USA gas supplies may challenge Australian AP dominance in gas marketDOWNLOAD
31st March 2011 – As Australian companies race to sanction and build their conventional and unconventional LNG export facilities, there are a number of game-changing trends that will impact future supply and demand for Australian LNG resources, according to Deloitte’s Australian Oil and Gas Leader, Mr Stephen Reid.
“Overall, fossil fuels are likely to continue to be an important source of energy for many years to come. The 2011 Deloitte Oil & Gas Reality Check report indicates that growth in the dynamic LNG industry will continue to be driven by strong demand from China. For example, the report shows that Chinese gas demand is likely to quadruple from 80 billion cubic metres (bcm) a year in 2009 to 320 bcm at the end of the current decade*.”
However, supply to China is likely to be increasingly influenced by reserves in China as well as the USA. “China itself has substantial unconventional gas reserves which, to date, remain largely unexploited as a result of low permeability, limited infrastructure and poor economics,” he said.
“A new pricing strategy introduced by the Chinese government in June could promote development of China’s reserves, and potentially reduce China’s future dependence on LNG imports.”
“In the USA, the LNG market is also changing rapidly: shale gas has become a game changer for the energy sector,” said Mr Reid. “The USA is now considered self sufficient in gas. Talk of new LNG re-gasification terminals in North America has been replaced by talk of liquefaction plants, which means that US shale gas may find markets in Asia and compete against other suppliers, including Australia.”
At the same time, Mr Reid notes that Asian national oil companies (“NOCs”) are determined to acquire upstream assets to mitigate their increasing dependence on imported energy. “Korea National Oil Corporation (KNOC)’s recent hostile acquisition of Dana Petroleum is a good example of the lengths some NOCs are prepared to go,” he said.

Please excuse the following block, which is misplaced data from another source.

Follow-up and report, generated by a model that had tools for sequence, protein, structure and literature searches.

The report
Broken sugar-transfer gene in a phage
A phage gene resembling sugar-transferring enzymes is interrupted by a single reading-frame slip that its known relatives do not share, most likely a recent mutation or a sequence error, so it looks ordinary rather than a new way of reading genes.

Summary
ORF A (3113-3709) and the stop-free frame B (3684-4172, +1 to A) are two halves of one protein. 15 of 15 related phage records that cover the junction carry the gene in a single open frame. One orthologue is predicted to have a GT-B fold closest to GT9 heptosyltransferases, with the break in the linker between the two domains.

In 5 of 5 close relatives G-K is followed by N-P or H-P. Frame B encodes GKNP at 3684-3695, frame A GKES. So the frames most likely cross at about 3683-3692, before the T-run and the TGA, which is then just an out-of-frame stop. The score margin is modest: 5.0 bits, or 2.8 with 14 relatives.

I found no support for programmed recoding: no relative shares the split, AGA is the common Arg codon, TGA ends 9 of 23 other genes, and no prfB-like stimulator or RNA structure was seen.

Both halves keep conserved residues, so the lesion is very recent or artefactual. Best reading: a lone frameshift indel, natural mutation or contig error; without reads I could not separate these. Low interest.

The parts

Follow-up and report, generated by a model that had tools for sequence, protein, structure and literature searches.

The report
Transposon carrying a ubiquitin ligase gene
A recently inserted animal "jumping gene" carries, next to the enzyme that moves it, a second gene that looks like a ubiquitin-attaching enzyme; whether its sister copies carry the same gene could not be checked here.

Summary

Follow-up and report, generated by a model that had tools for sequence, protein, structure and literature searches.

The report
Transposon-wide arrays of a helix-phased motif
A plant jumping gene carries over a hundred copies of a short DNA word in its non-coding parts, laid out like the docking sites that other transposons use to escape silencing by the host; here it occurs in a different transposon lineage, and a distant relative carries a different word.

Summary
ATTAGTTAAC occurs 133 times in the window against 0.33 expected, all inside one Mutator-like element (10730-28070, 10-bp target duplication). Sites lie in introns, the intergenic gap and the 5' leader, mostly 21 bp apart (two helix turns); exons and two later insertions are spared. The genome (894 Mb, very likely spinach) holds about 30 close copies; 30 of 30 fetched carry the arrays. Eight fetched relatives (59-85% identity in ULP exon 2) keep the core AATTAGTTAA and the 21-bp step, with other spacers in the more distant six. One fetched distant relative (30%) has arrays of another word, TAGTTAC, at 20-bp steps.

Mr Reid said that monetising China’s unconventional resources and the possible export of US shale gas will take time. “This provides Australian producers with a window in which to establish a dominant position in the supply of gas to Asia,” he said.
“Australia has the added advantage that it is one of the few places in the world where foreign investors can acquire an equity interest in gas, which provides additional capital to enable development projects to proceed,” he said.
While it is too soon to fully understand the implications of the Japanese crisis on the oil and gas sector, certainly it has the potential to be another significant event for the sector. “In the short term, Japanese power companies will need additional supplies of coal and gas to replace power previously generated by the nuclear plants that have been closed,” he said.
“To the extent that some countries may reconsider their nuclear expansion programs, many recognise that this would result in greater ongoing demand for coal and gas. We have already seen share prices of gas and coal companies rise in anticipation of greater demand,” he said.
This is the second year that Deloitte’s Global Energy & Resources group has produced the Oil & Gas Reality Check. Access the full 2011 Oil & Gas Reality Check report on Deloitte.com.au